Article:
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Pieces of Eight


 

Dental School Funds Approved

By Doug Boyd

The proposed dental school at East Carolina University will receive $25 million in the budget agreement Gov. Mike Easley signed July 31.

The money will be used for initial design and construction costs, ECU officials said.

“We are delighted that the General Assembly shares our enthusiasm for improving oral health throughout the entire state of North Carolina,” said ECU Chancellor Steve Ballard. “We look forward to enrolling the first students in the dental school no later than 2011.”

ECU trustees also approved the selection of the architectural firm BJAC of Raleigh to design the school.

The budget also includes $2.5 million to help pay for the care of indigent patients at the Brody School of Medicine at ECU and $100,000 for the ECU Auditory Learning Center.

The funds for the dental school follow years of work by ECU officials aimed at improving dental care in the state. A document developed by ECU and UNC-Chapel Hill, “The Plan for Dentistry in North Carolina,” calls for expansion of the dental school at Chapel Hill along with increased educational space and research facilities as well as consideration of the new school at ECU. The UNC Board of Governors unanimously endorsed the plan in April 2006. The new budget also includes $25 million for the dental school at UNC.

With the funding, construction on the new school near the Health Sciences Building could begin next year, and the first class will enroll by 2011, officials said. As part of the Plan for Dentistry, ECU will enroll 50 students with each class, while Carolina will expand its class size to 100.

ECU will have nearly 70 dental faculty members plus staff and other support workers, said Dr. Gregory Chadwick, interim dean of the dental school. Also at the school will be 30 pediatric and general dentistry residents.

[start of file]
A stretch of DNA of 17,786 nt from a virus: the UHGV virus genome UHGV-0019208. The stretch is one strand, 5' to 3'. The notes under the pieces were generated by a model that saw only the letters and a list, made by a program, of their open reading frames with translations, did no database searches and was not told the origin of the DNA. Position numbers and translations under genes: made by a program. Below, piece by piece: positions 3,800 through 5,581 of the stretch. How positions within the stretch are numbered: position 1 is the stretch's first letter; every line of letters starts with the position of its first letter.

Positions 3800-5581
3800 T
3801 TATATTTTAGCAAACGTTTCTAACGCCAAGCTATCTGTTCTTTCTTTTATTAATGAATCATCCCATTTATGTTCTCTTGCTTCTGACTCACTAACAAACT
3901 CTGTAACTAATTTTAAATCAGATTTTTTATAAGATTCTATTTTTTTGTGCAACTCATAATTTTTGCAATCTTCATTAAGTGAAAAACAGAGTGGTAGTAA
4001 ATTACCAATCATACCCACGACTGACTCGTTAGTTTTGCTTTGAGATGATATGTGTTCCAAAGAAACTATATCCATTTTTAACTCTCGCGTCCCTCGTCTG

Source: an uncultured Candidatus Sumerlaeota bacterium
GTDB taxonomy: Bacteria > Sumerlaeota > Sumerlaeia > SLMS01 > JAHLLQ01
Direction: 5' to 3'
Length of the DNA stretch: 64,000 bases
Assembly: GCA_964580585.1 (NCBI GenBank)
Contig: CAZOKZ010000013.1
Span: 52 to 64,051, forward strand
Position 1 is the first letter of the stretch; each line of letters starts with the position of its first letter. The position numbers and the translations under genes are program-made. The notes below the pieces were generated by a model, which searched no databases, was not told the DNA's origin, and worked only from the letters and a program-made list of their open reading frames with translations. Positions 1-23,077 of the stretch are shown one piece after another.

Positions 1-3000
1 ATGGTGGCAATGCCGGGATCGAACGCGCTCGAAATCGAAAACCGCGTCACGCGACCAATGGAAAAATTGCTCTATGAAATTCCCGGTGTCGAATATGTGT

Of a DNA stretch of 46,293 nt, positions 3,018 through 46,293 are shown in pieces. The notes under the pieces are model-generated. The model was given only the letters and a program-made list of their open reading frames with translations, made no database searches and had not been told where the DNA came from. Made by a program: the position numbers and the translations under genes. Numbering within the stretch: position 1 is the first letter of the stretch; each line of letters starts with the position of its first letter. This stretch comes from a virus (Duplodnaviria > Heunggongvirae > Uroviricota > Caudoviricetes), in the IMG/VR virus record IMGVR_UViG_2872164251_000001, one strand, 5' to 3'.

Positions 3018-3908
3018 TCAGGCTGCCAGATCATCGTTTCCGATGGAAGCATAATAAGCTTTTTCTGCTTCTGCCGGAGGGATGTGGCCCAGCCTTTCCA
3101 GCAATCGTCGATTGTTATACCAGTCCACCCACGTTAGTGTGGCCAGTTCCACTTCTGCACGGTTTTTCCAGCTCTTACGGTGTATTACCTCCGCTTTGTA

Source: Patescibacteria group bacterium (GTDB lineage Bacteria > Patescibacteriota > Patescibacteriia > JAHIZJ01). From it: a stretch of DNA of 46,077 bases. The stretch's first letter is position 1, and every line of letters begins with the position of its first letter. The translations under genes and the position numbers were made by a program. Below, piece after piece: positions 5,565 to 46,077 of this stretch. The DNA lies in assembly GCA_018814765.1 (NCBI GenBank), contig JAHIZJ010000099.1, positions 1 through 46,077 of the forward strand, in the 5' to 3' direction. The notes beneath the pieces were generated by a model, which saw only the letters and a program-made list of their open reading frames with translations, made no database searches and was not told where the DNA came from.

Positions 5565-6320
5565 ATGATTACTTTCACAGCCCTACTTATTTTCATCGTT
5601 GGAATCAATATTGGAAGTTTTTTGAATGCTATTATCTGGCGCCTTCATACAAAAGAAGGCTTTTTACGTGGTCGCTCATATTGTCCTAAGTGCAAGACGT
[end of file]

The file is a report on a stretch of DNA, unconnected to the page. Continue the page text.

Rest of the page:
Students will practice not just at ECU but also in eight to 10 “service learning centers,” or dental clinics across the state, with at least one being in western North Carolina.

“They’ll be more than rural clinics,” Chadwick said. “They’ll be part of the senior year of our dental school. We’ll be looking where there are no dentists, where there are patients, where there are patients covered by Medicaid.”

Sixty to 70 percent of the population has good dental care, Chadwick said, despite the fact that North Carolina ranks 47th out of the 50 states in the number of dentists per capita.

Many people without good dental care live in rural areas, where North Carolina has three dentists for every 10,000 people, Chadwick said. That compares to urban areas of the state, where the ratio is nearly five to 10,000. Nationally, the ratio is six dentists for every 10,000 people.

Four counties, all in the northeast, have no dentists: Gates, Tyrrell, Hyde and Camden.

“There is unquestionably a shortage of dentists and, more importantly, a maldistribution of dentists,” Chadwick said.

In addition, only 13 percent of dentists are minorities, compared to 34 percent of North Carolinians. Educating minority dentists, Chadwick said, is “one of the things we’ll focus on.”

Improving access to dental care is especially important in areas such as eastern North Carolina where access to all medical care is spotty, and research shows oral health has a direct impact on overall health.

Altogether, officials project building the new dental school at ECU will cost approximately $87 million.

 

5/16/06
This page originally appeared in the August 24, 2007 issue of Pieces of Eight. Complete issue is archived at http://www.ecu.edu/news/poe/Arch.cfm.